Island geography, a politically balanced commission and dominance in all politics by Democrats means redistricting and reapportionment issues are different in Hawaii than in other U.S. states. The islands haven’t seen significant impacts from gerrymandering in a state that voted 70 percent for President Barack Obama in 2012 and has had only three Republicans among 21 federal lawmakers since statehood. Hawaii has two U.S. House districts to go along with its two senators. The reapportionment and redistricting process is done every 10 years, governed by a commission created by the state constitution.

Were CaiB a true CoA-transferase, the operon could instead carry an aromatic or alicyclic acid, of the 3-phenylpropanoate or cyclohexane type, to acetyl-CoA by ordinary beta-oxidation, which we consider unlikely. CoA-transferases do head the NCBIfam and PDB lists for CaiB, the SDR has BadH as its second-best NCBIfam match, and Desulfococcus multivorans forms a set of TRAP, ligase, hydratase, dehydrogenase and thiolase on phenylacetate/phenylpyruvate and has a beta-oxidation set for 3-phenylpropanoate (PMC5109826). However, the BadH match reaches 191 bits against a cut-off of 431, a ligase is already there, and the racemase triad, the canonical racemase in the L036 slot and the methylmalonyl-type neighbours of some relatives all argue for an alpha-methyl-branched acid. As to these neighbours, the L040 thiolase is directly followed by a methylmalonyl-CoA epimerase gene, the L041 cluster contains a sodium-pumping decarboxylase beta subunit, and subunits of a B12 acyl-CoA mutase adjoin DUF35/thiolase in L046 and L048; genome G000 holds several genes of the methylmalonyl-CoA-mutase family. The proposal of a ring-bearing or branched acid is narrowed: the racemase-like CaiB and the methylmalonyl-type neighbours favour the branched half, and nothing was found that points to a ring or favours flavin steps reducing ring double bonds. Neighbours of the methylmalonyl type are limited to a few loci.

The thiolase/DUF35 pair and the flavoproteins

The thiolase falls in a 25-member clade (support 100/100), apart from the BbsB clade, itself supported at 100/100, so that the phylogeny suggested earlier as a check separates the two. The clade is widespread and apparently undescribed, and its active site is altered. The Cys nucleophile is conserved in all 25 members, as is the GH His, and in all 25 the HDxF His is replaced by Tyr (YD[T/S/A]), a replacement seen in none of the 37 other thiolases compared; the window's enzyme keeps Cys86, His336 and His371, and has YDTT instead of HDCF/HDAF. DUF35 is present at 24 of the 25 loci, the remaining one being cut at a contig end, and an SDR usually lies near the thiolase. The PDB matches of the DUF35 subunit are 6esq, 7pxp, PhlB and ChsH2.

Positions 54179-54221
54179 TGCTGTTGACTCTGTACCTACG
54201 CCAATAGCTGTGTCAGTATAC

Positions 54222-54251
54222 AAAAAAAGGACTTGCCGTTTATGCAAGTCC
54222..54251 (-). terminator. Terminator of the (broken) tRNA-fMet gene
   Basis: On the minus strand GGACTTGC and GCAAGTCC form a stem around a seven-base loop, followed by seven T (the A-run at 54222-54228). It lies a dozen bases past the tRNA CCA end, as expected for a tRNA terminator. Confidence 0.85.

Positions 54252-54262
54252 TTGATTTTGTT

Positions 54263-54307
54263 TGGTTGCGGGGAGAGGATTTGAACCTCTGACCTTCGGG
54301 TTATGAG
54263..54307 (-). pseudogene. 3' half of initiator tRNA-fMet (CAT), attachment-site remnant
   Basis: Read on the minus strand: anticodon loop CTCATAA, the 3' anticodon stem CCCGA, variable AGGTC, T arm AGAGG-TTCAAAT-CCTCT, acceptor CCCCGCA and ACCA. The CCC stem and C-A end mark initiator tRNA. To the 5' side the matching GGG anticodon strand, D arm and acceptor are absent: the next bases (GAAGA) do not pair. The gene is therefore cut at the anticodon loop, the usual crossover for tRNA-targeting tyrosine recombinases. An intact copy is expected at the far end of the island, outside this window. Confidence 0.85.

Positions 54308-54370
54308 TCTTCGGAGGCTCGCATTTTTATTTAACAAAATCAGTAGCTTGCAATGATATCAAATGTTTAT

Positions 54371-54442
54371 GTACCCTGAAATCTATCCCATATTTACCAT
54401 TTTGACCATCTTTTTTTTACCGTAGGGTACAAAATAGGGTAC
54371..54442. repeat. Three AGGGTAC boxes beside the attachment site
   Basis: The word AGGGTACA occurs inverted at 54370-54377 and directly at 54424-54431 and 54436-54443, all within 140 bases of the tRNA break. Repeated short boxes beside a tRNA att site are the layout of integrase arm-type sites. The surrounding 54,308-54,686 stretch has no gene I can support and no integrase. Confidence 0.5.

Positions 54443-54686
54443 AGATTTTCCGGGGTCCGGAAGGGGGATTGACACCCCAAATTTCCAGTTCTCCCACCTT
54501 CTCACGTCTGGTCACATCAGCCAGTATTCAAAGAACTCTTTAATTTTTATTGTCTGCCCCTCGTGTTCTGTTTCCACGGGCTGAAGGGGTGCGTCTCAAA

The state’s latest plan in 2011 had to be redone after the state Supreme Court ordered that temporary residents — military members and college students — be excluded from the population base. The shift sent one state House seat from Oahu to the Big Island and was upheld through a challenge that again reached the Hawaii Supreme Court, which ruled without comment in January this year.
“They did not want to run afoul of the one man, one vote rule,” said David Rosenbrock, a state Office of Elections official who was the project manager for the Reapportionment Commission for 2001 and 2011.